By the time they leave on Jan. 28, the 10 U.S. structural engineers sent to Haiti to assess the condition of buildings slightly damaged in the magnitude-7 earthquake will have done about 100 surveys. However, some 100,000 buildings still will need to be inspected so that the sound structures can be reoccupied, say local sources.
The engineers surveyed hospitals, schools, warehouses, homes, government and United Nations buildings. Subsequently, St. Laundry Hospital in Petionville and Hospital Dash in Delmas were cleared to reopen.
The Jan. 12 temblor and its aftershocks destroyed hundreds of thousands of buildings, killing more than 150,000 people. One big issue is that people are apprehensive about going indoors for fear of more aftershocks. “We are trying to influence owners and the U.N. so that people may reoccupy” the safe buildings, says Andre Filiatrault, an engineering professor at State University of New York at Buffalo and the team’s leader. “It is very disturbing to see perfectly functional empty hospitals when in other areas of Port-au-Prince patients are being treated outside under tents in the heat.”
The engineers use the Applied Technology Council’s rapid evaluation safety assessment method as a basis for their work. Buildings are tagged red if they are unsafe to occupy, yellow if they can have restricted use and green if they are safe. The group, the first of many, was organized by the Appropriate Infrastructure Development Group, which is a U.S. organization that aids developing countries, and the Multidisciplinary Center for Earthquake Engineering Research (MCEER) at SUNY Buffalo on behalf of U.N. Operations.
The inspection effort is needed and welcome, say sources. Still, “Ten engineers is a pittance” for this magnitude of a disaster, says Daniel O’Neil, country director for the Pan American Development Foundation of the Organization of American States, a relief organization.
O’Neil, a Dominican Republic-based highway engineer with a staff of 150 in Haiti, says he underestimated the human trauma when he arrived. From Jan. 19 to 24, O’Neil accompanied seismic engineer H. Kit Miyamoto, CEO of the Los Angeles-based Miyamoto International, on inspections of 16 buildings for PADF. This included PADF’s offices, which Miyamoto deemed safe to reoccupy.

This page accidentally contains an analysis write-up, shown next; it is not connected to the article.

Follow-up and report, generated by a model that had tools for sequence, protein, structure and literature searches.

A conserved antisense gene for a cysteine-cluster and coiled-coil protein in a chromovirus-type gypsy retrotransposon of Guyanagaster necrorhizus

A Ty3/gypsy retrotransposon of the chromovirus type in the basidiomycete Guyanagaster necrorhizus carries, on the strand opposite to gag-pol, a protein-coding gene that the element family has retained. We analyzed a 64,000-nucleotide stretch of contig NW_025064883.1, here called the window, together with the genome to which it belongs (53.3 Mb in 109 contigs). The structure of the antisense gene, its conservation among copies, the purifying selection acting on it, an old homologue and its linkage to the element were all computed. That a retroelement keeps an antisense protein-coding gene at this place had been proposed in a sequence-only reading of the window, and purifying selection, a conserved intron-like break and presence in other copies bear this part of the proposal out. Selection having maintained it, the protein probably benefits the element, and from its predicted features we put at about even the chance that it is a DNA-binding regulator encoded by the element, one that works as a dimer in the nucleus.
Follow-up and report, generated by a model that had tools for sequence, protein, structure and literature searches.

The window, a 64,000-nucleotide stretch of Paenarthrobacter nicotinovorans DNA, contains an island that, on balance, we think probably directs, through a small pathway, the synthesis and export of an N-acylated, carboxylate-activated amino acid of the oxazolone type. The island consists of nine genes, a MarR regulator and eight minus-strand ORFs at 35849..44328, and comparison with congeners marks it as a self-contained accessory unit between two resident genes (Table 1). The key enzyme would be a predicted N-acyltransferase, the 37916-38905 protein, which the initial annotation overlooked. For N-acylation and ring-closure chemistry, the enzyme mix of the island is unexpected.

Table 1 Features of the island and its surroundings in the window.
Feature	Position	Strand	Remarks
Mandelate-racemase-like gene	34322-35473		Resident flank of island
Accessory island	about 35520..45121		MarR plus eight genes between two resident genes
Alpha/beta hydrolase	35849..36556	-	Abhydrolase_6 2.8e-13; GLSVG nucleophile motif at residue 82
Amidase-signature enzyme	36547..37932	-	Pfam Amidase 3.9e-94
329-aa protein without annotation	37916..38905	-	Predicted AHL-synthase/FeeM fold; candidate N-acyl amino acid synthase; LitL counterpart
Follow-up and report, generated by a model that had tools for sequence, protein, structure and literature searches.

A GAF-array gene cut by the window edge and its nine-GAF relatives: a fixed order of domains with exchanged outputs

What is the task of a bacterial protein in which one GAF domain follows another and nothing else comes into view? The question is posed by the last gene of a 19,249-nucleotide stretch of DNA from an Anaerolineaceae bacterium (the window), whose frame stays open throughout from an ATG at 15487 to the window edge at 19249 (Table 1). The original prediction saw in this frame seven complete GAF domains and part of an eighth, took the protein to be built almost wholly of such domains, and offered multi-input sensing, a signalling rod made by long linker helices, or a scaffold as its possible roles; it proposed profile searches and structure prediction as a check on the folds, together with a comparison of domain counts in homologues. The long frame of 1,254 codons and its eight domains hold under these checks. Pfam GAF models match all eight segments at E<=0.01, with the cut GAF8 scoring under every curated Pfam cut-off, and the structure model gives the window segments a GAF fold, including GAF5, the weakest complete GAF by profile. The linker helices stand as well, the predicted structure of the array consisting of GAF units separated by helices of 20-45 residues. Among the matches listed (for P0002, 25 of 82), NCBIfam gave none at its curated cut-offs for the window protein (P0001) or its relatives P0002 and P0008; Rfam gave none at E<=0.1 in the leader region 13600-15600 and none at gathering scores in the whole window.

The Presidential Palace is one success story of the PADF-led work. Though the center of the two-story building collapsed, the wings did not; they are being readied for reoccupation. Miyamoto says his biggest surprise was that the collapsed U.N. building had no seismic strengthening. “It’s just unthinkable,” he says.
What wasn’t surprising to the experts, though, were the myriad collapses of nonductile concrete frames with concrete block infill and vulnerable “soft” first stories. Soft-story buildings are raised on stilts, with no diaphragm walls. Often, the ground level is used for parking.
Commonly observed problems include a lack of transverse reinforcement, poor-quality concrete and severe lack of symmetry. “We were in a warehouse with two parallel walls with completely different structural systems,” says Reginald DesRoches, an engineering professor at Georgia Institute of Technology and one of the MCEER team members.
Eduardo Fierro, a principal at seismic engineer Bertero Fierro Perry Engineers, Berkeley, Calif., surveyed buildings, powerplants, the port and bridges. A reinforcing-steel plant is in shambles because its light-metal roof hadn’t been properly connected to its concrete columns. Fierro and other sources observed widespread destruction of concrete frames not designed for lateral loads. Many rubble or unreinforced masonry walls failed.
The center of the E-in-plan Presidential Palace still has much of the first floor intact, with windows unbroken, but there is total collapse above it. Very light reinforcing is evident in failed columns near the entry. At the port, there is a collapsed pier and cranes, and several buildings are under water. Extensive lateral spreading and liquefaction is evident.
International organization for reconstruction is off to a measured start. Canada’s foreign minister, Lawrence...